Nevertheless this well-documented empirical association between low social competence and low academic achievement, the nature of this relationship remains unclear. Why does it happen? What are the mechanisms involved here? How do social skills work in promoting academic success, or reversely, how do social skills deficits hinder it? Some hypotheses have been postulated as possible and pertinent.

A first hypothesis is that, given the interpersonal nature of the teaching-learning process, social skills have an instrumental or enabling function on academic learning (Diperna, 2006; Z. A. P. Del Prette & Del Prette, 2005; Eisenhower, Baker, & Blacher, 2007; McClelland, Acock, & Morrison, 2006; Molina & Del Prette, 2006). In other words, to succeed in this process, social skills are required of the student, for example, to ask and reply questions, to participate in debates, to ask for help, to help peers and so on. This hypothesis is supported by an illustrative study involving 294 Italian children with an age average of 8.5 (Caprara et al., 2000). This study found a significant and cumulative effect of pro-social behaviors (helpfulness, sharing, kindness, and cooperativeness) on academic achievement (as well as on the child's sociometric status) as long as five years later social skills were even more predictive of academic achievement than antisocial behaviors. In Brazil, another longitudinal study produced quite similar results (Pizato, 2010) and, an experimental one (Molina & Del Prette, 2006) showed that social skills training produced improvement in social repertoire as well as in academic achievement, while academic training improved only academic achievement.

Therefore, a question could be asked: are these results discharging the role of intelligence, or, at least cognitive competence, in the learning process? Traditionally, academic success has been related - and to some degree attributed - to cognitive resources (Yen, Konold, & McDermott, 2004). Even considering the recent controversy concerning the role of intelligence in the identification of specific learning disabilities (Gresham & Vellutino, 2010), its function in favoring learning could not be denied. So, the question could be rephrased as: what is the possible role of cognitive competence in the relationships between social skills and academic achievement?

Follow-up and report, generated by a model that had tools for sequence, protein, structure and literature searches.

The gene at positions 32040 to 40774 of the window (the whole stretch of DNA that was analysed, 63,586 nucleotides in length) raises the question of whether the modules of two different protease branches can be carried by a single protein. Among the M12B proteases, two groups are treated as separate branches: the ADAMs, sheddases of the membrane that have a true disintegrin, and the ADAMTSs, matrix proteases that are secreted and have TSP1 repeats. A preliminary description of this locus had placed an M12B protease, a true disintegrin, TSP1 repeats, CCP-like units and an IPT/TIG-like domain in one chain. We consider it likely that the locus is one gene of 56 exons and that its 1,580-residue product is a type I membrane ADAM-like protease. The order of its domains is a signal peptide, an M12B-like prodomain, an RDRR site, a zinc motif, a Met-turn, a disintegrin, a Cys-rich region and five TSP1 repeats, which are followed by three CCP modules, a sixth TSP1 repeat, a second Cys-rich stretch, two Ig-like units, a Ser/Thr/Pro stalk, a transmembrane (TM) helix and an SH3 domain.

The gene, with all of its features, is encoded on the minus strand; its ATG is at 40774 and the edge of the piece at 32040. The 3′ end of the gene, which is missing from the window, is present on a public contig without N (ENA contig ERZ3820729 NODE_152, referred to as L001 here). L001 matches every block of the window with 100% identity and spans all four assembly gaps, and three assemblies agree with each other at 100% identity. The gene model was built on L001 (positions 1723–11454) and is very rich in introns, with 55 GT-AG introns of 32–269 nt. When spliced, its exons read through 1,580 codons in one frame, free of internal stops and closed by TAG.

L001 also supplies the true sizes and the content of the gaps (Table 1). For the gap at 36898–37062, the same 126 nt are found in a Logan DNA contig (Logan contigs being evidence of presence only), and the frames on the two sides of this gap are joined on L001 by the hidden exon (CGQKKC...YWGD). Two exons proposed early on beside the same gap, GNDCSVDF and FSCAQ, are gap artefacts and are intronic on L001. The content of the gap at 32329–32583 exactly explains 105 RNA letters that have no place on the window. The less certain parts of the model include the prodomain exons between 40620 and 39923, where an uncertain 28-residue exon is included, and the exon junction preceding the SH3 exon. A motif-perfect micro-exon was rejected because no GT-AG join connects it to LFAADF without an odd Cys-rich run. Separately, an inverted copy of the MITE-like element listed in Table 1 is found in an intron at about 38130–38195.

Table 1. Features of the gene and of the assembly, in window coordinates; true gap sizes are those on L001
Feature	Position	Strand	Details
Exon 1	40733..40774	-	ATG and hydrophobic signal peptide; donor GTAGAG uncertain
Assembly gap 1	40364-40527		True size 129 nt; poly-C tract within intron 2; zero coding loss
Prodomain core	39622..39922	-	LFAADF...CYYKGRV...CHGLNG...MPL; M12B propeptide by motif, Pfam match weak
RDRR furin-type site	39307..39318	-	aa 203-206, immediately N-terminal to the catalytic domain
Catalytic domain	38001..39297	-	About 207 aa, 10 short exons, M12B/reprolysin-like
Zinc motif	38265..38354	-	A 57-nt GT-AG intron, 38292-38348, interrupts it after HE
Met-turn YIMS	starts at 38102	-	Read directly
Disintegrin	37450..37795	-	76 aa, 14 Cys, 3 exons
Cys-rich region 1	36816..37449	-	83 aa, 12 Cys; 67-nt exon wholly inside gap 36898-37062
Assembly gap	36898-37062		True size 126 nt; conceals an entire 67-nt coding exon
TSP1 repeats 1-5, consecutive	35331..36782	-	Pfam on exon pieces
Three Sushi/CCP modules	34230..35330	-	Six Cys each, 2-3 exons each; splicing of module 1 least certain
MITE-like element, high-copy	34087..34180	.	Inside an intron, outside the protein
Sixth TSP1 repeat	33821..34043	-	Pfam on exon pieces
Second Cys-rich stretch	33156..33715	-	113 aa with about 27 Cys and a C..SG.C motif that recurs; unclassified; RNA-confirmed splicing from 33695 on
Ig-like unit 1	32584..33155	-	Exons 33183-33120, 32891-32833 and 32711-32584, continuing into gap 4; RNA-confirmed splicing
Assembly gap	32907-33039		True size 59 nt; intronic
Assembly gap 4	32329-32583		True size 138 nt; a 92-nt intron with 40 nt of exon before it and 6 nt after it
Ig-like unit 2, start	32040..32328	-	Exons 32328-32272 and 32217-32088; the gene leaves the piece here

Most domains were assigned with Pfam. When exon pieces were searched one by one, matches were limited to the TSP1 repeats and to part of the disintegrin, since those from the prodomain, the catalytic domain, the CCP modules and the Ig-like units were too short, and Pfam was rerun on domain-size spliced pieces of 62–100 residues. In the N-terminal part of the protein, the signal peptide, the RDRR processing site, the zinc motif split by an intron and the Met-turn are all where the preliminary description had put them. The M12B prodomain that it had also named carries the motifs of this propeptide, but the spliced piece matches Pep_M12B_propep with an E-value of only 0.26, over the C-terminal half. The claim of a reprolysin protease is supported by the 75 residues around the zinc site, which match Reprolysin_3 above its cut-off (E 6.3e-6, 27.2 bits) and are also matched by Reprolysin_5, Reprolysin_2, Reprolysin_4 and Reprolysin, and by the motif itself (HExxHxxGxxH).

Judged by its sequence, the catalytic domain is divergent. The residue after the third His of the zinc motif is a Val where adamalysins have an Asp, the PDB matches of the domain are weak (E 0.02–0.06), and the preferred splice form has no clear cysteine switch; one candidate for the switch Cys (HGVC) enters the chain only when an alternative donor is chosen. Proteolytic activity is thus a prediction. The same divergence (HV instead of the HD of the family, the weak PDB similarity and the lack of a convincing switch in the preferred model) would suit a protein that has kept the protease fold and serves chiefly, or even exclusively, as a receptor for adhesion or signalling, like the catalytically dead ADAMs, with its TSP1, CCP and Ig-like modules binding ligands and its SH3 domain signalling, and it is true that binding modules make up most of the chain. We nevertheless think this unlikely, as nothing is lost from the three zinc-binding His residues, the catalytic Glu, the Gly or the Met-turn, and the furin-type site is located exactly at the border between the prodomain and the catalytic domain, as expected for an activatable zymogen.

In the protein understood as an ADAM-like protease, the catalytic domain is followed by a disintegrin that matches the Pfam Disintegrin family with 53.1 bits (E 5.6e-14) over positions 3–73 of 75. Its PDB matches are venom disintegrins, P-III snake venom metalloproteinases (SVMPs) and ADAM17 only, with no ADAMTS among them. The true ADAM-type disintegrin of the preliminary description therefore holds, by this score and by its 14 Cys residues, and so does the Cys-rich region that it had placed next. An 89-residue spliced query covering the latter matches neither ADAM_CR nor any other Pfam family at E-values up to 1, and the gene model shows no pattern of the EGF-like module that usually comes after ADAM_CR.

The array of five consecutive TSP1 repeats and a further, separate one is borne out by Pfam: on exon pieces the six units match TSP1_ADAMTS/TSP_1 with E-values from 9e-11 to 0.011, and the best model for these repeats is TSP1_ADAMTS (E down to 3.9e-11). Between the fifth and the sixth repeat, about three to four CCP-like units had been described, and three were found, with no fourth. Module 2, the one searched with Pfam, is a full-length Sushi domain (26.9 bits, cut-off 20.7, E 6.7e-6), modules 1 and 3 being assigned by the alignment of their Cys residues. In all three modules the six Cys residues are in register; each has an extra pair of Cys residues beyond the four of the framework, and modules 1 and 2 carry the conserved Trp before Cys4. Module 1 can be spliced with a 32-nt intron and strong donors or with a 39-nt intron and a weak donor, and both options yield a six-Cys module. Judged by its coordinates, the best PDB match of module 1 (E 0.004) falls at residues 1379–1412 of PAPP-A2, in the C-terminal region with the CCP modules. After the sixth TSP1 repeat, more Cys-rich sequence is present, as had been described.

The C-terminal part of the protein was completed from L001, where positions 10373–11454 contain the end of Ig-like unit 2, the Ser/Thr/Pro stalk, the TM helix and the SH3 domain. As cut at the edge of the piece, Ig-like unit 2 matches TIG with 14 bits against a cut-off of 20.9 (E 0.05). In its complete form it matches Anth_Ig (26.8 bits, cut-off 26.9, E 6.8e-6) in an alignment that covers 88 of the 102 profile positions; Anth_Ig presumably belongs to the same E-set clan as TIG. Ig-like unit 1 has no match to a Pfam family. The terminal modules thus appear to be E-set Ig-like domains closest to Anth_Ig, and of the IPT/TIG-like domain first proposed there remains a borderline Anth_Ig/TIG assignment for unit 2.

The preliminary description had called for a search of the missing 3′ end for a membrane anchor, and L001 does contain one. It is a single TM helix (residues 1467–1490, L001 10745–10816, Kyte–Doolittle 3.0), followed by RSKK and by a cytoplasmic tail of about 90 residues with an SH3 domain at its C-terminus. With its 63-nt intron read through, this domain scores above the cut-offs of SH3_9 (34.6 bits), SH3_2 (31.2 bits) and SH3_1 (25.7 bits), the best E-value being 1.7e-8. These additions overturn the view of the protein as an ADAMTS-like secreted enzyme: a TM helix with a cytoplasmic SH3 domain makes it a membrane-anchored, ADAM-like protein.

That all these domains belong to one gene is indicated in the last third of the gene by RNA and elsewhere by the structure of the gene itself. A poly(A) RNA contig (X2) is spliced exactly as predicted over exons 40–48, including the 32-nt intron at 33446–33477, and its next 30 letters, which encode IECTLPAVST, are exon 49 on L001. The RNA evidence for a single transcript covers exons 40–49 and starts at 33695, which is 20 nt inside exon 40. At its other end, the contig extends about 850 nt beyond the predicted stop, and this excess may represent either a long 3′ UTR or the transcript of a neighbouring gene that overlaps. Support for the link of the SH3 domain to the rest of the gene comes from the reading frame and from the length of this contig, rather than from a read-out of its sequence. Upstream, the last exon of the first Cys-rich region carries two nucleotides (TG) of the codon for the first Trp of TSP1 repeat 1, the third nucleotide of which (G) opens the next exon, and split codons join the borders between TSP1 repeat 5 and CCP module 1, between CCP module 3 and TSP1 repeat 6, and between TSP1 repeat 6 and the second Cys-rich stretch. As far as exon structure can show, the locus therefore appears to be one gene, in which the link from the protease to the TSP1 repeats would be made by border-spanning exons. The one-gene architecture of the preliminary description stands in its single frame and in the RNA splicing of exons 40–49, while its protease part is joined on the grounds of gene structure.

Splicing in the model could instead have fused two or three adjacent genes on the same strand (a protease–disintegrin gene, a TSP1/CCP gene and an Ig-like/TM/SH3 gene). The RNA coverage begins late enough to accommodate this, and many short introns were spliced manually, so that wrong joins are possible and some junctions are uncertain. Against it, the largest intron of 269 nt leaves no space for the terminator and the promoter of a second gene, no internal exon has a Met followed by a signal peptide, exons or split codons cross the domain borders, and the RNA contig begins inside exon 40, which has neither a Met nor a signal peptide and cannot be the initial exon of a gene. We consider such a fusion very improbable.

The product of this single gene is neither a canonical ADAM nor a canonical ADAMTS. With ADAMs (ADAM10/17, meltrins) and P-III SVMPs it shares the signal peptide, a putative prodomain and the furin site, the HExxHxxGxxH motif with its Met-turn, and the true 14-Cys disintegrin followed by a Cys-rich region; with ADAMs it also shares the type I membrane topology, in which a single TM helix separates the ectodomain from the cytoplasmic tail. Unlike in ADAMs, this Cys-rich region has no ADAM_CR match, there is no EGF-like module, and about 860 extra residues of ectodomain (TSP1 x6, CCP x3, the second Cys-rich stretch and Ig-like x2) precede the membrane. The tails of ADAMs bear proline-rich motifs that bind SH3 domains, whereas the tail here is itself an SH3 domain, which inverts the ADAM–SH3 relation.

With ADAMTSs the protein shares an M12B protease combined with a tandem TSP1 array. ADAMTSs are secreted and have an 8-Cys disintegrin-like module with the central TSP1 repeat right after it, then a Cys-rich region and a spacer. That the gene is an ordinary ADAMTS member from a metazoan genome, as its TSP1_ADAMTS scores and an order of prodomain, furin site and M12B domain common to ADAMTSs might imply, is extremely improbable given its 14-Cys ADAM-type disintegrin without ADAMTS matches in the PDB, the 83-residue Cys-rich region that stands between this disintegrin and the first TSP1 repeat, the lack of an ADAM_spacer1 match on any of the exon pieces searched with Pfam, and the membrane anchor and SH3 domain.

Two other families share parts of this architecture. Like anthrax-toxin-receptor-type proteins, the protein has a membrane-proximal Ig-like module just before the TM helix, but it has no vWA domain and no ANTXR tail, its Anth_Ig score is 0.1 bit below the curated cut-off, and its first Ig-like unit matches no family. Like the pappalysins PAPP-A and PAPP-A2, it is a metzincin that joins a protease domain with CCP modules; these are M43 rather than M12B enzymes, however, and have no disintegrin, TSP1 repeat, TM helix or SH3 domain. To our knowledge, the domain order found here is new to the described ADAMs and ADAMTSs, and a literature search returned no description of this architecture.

This leads to a second hypothesis, focused by this study: the empirical relationship between social skills and academic achievement could be mediated by other processes and variables, a possible candidate being the cognitive competence. Thus, it could be pertinent to inquire: what is the possible impact of social skills on cognitive competence? Or in the reverse direction: could cognitive competence foster social skills and in this way improve the learning process? Based on these questions, the present study aimed at analyzing the relationship between the social skills repertoire, academic achievement and cognitive competence, exploring the possible function of cognitive competence as a mediator in the relation between the other two variables.




80 Brazilian children (average age = 8.15 years; SD = 0,68), 57.5% boys and 42.5% girls participated. Regarding the socioeconomic level, according to the Brazil Criterion Questionnaire1, the majority was classified in the low socioeconomic level (Classes D=38.8% and C=38.8%) and a small proportion in the middle and high economic level (B2=15%, B1=3.8%and A2=3.8%). Participants were students from the second (73.8%) and third (26.2%) grades of an elementary public school2. Family members (mothers=63; fathers=7; others=10) and seven of their teachers participated in the evaluation of the children's social skills.


Social Skills Rating System, Brazilian Version (SSRS-BR). Inventory originally produced by Gresham and Elliott (1990). The Brazilian version, validated by Bandeira, Del Prette, Del Prette, and Magalhães (2009) showed a satisfactory index of internal consistency and test-retest temporal stability. SSRS-BR evaluates social skills, behavior problems and academic competence of children. In this study, only the total score of social skills, as evaluated by parents and teachers, was used: they were required to estimate the frequency (Never, Sometimes, Always) at which the child displayed each of the skills described in the instrument, then sum them up, producing a total score referred to in percentiles.